I left Seattle on Tuesday September 29, 2009, 7:27 a.m. Pacific Time. I arrived in Nairobi at around 6:00 p.m. on Wednesday September 30, 2009, local African time. 5 hour plane trip to Washington D.C. from Seattle -- 5 or 6 hours across the Atlantic ocean to Zurich, Switzerland. 7 hours to Nairobi. After approximately 30 hours I was so thrilled to arrive at nearly bedtime in Nairobi!

Today I have done alright except for a brief nap this afternoon. After a good night's sleep I was taken cell phone shopping and a trip to the Sudanese Embassy to find out that it was already closed for visas to Khartoum, will try again tomorrow.

Memories from the journey: The Swiss were reserved and not overly friendly. The airport was compact and clean. Zurich must be the German speaking part of Switzerland as all of the signs were in German. The airport in Nairobi is well organized. The people spoke English, the signs were in English, and people were friendly and helpful.

Nairobi reminds me of the Philippines. There is color, amazing overgrown foliage, and the slums. My kind man who picked me up at the airport and brought me to the house where I am staying drove me to my destinations today. He drove me through one of the Nairobi slums so that I could see the contrast between the rich and the poor here. The slums are regular self-functioning cities, people are busy, have places to go and do a brisk business in their ventures within the slum. My guide told me that many people leave the slum each day to go to work in other areas of the city. They choose to live in the slum because it is easier to live a more comfortable life there on $3.00 a day than in other places in the city. They live in structures that are made of cardboard or boxes or corrugated tin.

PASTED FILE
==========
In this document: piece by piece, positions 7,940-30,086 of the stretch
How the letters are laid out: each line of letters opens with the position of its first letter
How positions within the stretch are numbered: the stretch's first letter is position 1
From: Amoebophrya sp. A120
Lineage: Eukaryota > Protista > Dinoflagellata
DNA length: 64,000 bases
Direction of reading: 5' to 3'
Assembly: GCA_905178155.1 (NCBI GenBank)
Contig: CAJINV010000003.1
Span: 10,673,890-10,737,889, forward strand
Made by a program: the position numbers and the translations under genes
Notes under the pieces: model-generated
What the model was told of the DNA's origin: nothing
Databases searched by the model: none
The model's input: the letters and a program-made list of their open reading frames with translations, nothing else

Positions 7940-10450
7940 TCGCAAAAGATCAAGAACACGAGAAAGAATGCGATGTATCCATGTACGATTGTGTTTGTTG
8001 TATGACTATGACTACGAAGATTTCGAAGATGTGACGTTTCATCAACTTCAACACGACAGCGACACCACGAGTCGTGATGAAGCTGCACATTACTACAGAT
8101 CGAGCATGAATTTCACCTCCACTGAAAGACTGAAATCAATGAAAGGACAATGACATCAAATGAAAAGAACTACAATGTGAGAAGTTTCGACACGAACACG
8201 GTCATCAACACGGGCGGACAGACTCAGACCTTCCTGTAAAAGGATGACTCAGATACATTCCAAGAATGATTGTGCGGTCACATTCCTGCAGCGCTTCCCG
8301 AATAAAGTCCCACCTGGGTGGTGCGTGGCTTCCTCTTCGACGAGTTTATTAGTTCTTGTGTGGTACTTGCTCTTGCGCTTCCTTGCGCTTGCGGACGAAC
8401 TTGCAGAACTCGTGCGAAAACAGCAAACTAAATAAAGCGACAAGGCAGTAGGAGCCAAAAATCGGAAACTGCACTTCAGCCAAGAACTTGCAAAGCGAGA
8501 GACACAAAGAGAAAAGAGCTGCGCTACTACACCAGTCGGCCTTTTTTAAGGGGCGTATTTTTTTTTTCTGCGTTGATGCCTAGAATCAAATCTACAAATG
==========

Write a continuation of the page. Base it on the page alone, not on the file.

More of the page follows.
I bought a cell phone today and a wireless internet device that goes in the UBS on my computer. All of Kenya is on wireless that is accessible with this small tool. So I am sitting in the guest apartment of my host familie's home using wireless with it.

I am being encouraged to visit a Game Reserve. This sounds like a really huge adventure for little ole' me, but I may give it the good old college try and expand my comfort zone! I will find out more about this tomorrow.

Signing off for now, more news to come in the very near future.